The Paradox of Hot Spot

In the past few weeks I have seen more birders than any time since we moved to Indiana. And this includes Big May Days and Christmas Bird Counts. The reason is I encountered the Eagle Creek Sunday Group one weekend and went on Don Gorney’s Fort Harrison State Park Sunday morning walk the next weekend. And it was fun to be among all the birders. So much so I’ll continue to go occasionally. But seeing the birders at those locations once again brings up The Paradox of Hot Spot.

Does a “Hot Spot” that theoretically increases ones odds of seeing more species outweigh birding lesser birded areas to increase bird data? Because the way we are headed is getting repeated data from certain “Hot Spots” like Eagle Creek.

But as most things the truth probably is in the middle.

Mike and I visited Eagle Creek’s Marina for the second time this month in hopes of seeing warblers. And we did along, with several other birders. This is still strange since I rarely encounter birders at my usual spots.

A Blackpoll Warbler sitting up nicely enjoying the view.
If not for the twig this would have been a good photo of a Cape May Warbler.

And later in the morning we birded the north end and saw a nice variety of shorebirds. Plus encountered several other birders.

This is an ID photo of a Baird’s Sandpiper.
And one of two Stilt Sandpipers working the mud flat.
Paradox of Hot Spot
Would this be the same young Laughing Gull I found a few weeks ago?

In the past I have birded areas where I go the entire day and not encountered birders. (Bushwhacking) And probably not as many species. But I always feel good at the end of the day finding my own birds and adding to the overall data.

But not many people do this type of birding. Most are lured by The Pull to a “Hot Spot” to see birds. So as much as eBird is expanding citizen science data, in my opinion it also promotes birding at certain “Hot Spots” only. Which to me is a paradox.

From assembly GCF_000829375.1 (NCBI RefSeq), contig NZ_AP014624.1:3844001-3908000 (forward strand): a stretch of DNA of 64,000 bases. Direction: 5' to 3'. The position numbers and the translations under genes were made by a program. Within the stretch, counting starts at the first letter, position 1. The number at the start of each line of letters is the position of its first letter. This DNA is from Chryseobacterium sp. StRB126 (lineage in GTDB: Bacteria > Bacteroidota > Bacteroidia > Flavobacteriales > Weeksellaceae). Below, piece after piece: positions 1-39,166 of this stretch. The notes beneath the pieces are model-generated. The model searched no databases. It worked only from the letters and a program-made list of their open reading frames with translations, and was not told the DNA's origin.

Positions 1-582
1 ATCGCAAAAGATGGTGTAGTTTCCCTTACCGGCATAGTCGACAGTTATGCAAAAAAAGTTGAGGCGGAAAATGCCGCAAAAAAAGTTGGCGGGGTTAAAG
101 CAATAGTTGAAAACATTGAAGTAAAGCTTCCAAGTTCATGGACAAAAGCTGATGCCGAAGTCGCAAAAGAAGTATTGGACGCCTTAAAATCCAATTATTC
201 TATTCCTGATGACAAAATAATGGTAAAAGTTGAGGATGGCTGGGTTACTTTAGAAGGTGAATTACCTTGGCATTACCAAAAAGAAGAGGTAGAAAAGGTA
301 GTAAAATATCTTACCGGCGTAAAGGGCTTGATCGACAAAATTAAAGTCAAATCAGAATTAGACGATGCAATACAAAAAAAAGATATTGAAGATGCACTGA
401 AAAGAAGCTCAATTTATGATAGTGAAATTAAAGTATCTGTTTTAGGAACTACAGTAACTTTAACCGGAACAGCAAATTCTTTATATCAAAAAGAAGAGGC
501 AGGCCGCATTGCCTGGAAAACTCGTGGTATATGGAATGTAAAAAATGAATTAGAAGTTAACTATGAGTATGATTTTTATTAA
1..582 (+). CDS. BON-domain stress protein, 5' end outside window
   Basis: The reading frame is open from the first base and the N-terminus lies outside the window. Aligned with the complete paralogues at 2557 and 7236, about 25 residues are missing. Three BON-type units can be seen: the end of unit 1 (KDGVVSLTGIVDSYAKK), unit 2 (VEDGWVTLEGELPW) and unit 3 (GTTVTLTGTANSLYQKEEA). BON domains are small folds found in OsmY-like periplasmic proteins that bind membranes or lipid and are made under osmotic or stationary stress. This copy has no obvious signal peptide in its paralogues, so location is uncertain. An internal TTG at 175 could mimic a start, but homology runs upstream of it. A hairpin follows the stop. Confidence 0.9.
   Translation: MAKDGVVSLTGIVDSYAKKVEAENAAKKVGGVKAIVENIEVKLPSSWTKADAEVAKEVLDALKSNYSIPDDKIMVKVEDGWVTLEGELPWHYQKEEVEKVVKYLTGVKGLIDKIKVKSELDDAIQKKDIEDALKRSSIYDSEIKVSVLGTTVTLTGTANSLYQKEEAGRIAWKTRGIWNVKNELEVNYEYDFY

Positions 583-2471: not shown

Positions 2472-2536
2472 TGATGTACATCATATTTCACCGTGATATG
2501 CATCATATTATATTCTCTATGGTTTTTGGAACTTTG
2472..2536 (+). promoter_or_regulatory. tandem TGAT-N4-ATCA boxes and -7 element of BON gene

So how to overcome this? Not sure since it’s probably been happening since birding started. Data from repeatable surveys like the Breeding Bird Survey will still be used for future conservation efforts. Maybe eBird could include something like a repeatable, timed route. But like I have posted before people won’t do those since they are lured by The Pull to a Hot Spot.

Going forward I’ll hopefully be able to split my time between “Hot Spots”, since I need to do more Social Birding, and my less birded areas. We’ll see.

Stilt Sandpiper, Maybe? – Weekend Highlights

When it’s the end of August, the temperature is 74F, the humidity is 90% at 5AM, and there is a chance of thunderstorms all day, you hope the birding isn’t going to slow. But if you have birded long enough to read the signs you know it is going to be slow. And it was. Almost eerily quiet. So not many highlights.

Franklin Township Community Park was the start of the day for a little owling which didn’t pan out but I had my first encounter of the year with mosquitoes. It was just a matter of time before all the rain started to produce good number of them.  The reason I picked Franklin Township Community Park was because it’s adjacent to watered high school athletic fields and this is a good time of year to check them for shorebirds. They aren’t as productive as sod farms but you never know. Like the time I found the American Golden Plovers in Franklin.

KILL (1)
Taken right before sunrise this photo shows some of the 50 Killdeer on the athletic fields. One never knows when an American Golden-Plover or Buff-breasted Sandpiper might show. 8/27/16

On to the local shorebird spot and the morning departure of Canada Geese. It doesn’t take long for 500 geese to fly off even in smaller groups of 25.

A quick binocular scan didn’t produce many shorebirds besides Killdeer and a few peeps. And one Lesser Yellowlegs. Or not?

STSA (2) Stilt Sandpiper
My first impression was a Lesser Yellowlegs. But it wasn’t feeding in a frenzied manner.
STSA (6)
The legs seemed a little too short and the bill not needle enough.
STSA (10)
It then came into view a little better and the bright supercilium started pointing to a Stilt Sandpiper.
Here is a cropped and enlarged photo. Bill doesn’t look long enough for a Stilt Sandpiper but it might be the angle.
STSA (17)
Even in this blurry distant photo you can tell the size compared to the Killdeer. Even feeding a Lesser Yellowlegs legs should appear longer than the Killdeer’s legs whereas a Stilt Sandpiper’s would be about the same. And in this pose the bill appears fairly thick.

Am I 100% sure it is a Stilt Sandpiper? No. In the field it didn’t appear or act to be a Lesser Yellowlegs. And everyone is encouraged to chime in if they have an opinion.

No birding Sunday as the day was spent painting the daughter’s bedroom. Luckily she has no more rooms to paint!